last winter I’ve met a guy and he plays drums and trust me, he’s the USELESS PERSON I’ve ever met! talking about “metal collection” all day?? beer?? eating chips?? jamming?? he doesn’t even have a job to support himself but an allowance from the government!! WHAT KIND OF A STUPID LIFE IS THAT!!! no offense to all of the people around here but it’s a different path now, so…

it doesn’t matter who you are and what religion are you into as long as you bring misery to mankind YOU HAVE MY SUPPORT!! a few months ago, another flyer was posted here and it was like a METALHEAD and a CHRISTIAN PRIEST. the funny thing is that, all the support goes to the LONGHAIRED GUY and no one likes the priest because he’s sinking his dick into kids! and I remember a line like this: “who is the real monster now????” LAUGHING MY FUCKING ASS OFF, hahaaaa!!

I thought “metalheads” wanted to be evil all the time??? people don’t like varg because he’s a murderer and he’s burning churches, boooohoooo! some even called him gay because the guy’s good looking, played casios, and not the typical MONGOLOID LOOKING METALHEAD posing with POINTY GUITARS and a boatload of SPIKES! varg killed someone by stabbing his head, burned down SEVERAL (not just one) churches in norway and someone in the internet calling him “gay”, that’s hilarious…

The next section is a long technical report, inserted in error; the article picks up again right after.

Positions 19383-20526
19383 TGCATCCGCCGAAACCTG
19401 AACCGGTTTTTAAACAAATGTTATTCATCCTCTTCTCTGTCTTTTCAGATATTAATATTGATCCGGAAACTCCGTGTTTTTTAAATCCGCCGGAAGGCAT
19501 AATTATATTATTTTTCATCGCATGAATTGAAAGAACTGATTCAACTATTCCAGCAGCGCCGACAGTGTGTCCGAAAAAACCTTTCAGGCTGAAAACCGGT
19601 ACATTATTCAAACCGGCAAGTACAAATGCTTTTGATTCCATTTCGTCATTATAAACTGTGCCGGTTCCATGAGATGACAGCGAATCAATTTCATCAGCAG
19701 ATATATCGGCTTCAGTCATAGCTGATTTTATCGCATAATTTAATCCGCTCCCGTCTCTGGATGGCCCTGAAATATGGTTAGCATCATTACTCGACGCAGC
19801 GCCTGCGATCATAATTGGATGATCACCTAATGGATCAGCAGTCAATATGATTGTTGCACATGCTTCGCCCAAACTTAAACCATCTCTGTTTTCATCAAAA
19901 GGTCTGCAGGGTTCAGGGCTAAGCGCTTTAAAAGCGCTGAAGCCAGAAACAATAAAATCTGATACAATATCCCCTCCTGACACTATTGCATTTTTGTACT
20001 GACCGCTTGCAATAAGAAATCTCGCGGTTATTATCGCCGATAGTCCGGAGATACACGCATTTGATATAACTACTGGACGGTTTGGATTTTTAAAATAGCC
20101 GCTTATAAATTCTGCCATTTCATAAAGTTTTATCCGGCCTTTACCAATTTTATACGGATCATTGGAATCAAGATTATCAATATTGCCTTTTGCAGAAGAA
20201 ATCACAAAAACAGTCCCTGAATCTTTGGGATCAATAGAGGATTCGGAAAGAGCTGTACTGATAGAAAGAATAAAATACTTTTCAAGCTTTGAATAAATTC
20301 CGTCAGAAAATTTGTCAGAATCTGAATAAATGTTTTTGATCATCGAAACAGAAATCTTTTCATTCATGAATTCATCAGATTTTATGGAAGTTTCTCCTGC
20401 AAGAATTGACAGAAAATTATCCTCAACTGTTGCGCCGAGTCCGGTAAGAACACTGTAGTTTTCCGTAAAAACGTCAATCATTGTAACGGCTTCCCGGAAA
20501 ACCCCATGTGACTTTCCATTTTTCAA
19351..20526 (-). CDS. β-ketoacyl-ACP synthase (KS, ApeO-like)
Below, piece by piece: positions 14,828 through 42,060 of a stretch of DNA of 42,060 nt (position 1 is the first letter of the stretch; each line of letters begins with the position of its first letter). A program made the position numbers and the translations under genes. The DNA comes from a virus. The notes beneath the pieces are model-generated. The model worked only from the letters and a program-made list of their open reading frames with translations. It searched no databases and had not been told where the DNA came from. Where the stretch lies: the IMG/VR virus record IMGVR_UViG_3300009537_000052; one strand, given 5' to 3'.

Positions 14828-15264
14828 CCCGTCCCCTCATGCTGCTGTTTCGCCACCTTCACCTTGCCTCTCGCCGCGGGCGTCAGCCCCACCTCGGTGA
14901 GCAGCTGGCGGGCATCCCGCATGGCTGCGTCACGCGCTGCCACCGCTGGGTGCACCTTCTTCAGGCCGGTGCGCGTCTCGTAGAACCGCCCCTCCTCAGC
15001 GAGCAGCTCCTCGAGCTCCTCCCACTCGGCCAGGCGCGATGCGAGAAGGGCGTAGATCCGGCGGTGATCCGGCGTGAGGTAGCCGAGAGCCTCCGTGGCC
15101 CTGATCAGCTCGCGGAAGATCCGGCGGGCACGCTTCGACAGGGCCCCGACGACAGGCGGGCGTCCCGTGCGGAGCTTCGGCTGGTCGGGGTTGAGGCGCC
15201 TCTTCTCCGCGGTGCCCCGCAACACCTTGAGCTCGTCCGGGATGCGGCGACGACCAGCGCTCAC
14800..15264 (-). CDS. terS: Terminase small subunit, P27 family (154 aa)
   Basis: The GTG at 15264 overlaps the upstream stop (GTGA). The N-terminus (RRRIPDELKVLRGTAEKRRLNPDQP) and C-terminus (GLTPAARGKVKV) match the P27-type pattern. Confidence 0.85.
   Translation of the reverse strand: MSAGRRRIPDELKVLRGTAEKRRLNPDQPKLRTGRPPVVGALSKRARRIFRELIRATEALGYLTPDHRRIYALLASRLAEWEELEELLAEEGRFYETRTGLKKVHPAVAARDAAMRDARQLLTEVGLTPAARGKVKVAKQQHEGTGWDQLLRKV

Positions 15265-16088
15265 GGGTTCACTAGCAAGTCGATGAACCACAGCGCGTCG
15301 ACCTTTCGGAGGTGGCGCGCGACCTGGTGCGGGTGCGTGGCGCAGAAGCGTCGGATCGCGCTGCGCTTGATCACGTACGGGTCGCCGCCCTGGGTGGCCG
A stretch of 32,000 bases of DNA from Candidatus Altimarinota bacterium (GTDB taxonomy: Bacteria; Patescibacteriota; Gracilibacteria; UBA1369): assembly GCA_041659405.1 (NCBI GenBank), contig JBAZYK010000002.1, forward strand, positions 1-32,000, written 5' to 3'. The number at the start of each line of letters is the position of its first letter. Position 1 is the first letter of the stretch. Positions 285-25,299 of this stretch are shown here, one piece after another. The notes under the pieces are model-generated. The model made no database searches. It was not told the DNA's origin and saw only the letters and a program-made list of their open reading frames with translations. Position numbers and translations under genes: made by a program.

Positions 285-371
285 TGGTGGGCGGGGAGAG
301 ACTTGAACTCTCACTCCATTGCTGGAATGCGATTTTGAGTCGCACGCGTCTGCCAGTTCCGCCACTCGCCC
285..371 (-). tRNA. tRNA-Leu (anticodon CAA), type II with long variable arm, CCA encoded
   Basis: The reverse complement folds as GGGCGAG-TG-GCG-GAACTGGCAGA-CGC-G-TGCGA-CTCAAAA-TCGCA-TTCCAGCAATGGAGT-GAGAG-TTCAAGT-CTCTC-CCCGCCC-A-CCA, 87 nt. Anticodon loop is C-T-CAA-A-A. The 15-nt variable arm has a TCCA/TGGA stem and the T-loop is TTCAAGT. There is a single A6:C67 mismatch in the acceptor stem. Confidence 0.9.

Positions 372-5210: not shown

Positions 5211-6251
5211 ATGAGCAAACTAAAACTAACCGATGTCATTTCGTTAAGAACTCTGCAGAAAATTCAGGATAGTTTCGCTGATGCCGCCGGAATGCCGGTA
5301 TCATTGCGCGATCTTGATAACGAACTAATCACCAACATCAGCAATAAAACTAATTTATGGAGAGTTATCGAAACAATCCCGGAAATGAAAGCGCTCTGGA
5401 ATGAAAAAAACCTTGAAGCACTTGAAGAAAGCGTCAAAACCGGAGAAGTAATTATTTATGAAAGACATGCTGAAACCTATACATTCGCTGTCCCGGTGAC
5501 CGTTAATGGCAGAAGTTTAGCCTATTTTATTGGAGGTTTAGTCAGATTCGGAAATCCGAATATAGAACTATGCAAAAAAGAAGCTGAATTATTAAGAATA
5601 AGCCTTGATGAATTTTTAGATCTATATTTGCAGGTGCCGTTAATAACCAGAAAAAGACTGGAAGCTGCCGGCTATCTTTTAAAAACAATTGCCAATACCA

ARE YOU HAPPY WITH YOUR LIFE???
killing yourself is not the solution but someone else…
think again and do something relevant/irrelevant…
change is essential, take the risk, playing safe is stagnation…
MONEY IS THE ROOT OF ALL EVIL and EMBRACING EVIL IS POWER!!!

He makes a good point.

People who are into metal are not big supporters of modern society.

We can either drop-out, and wage a fantasy war in our own apartments, or get powerful and be effective.

The more emotional someone is, the more likely they are to do the former and not the latter.

But only the latter gets results.

Bruno’s best paragraph:

playing satanic music to fight christianity??? hail satan??? those were brainless!! how about desecrating cemeteries to “scare” christians?? are they scared?? let’s face it : the only way for you to defeat christianity is to make christians stop believing on it! and the only way to do that is to have lots and lots of money!! I mean BIG MONEY!!! you’re in control of everything!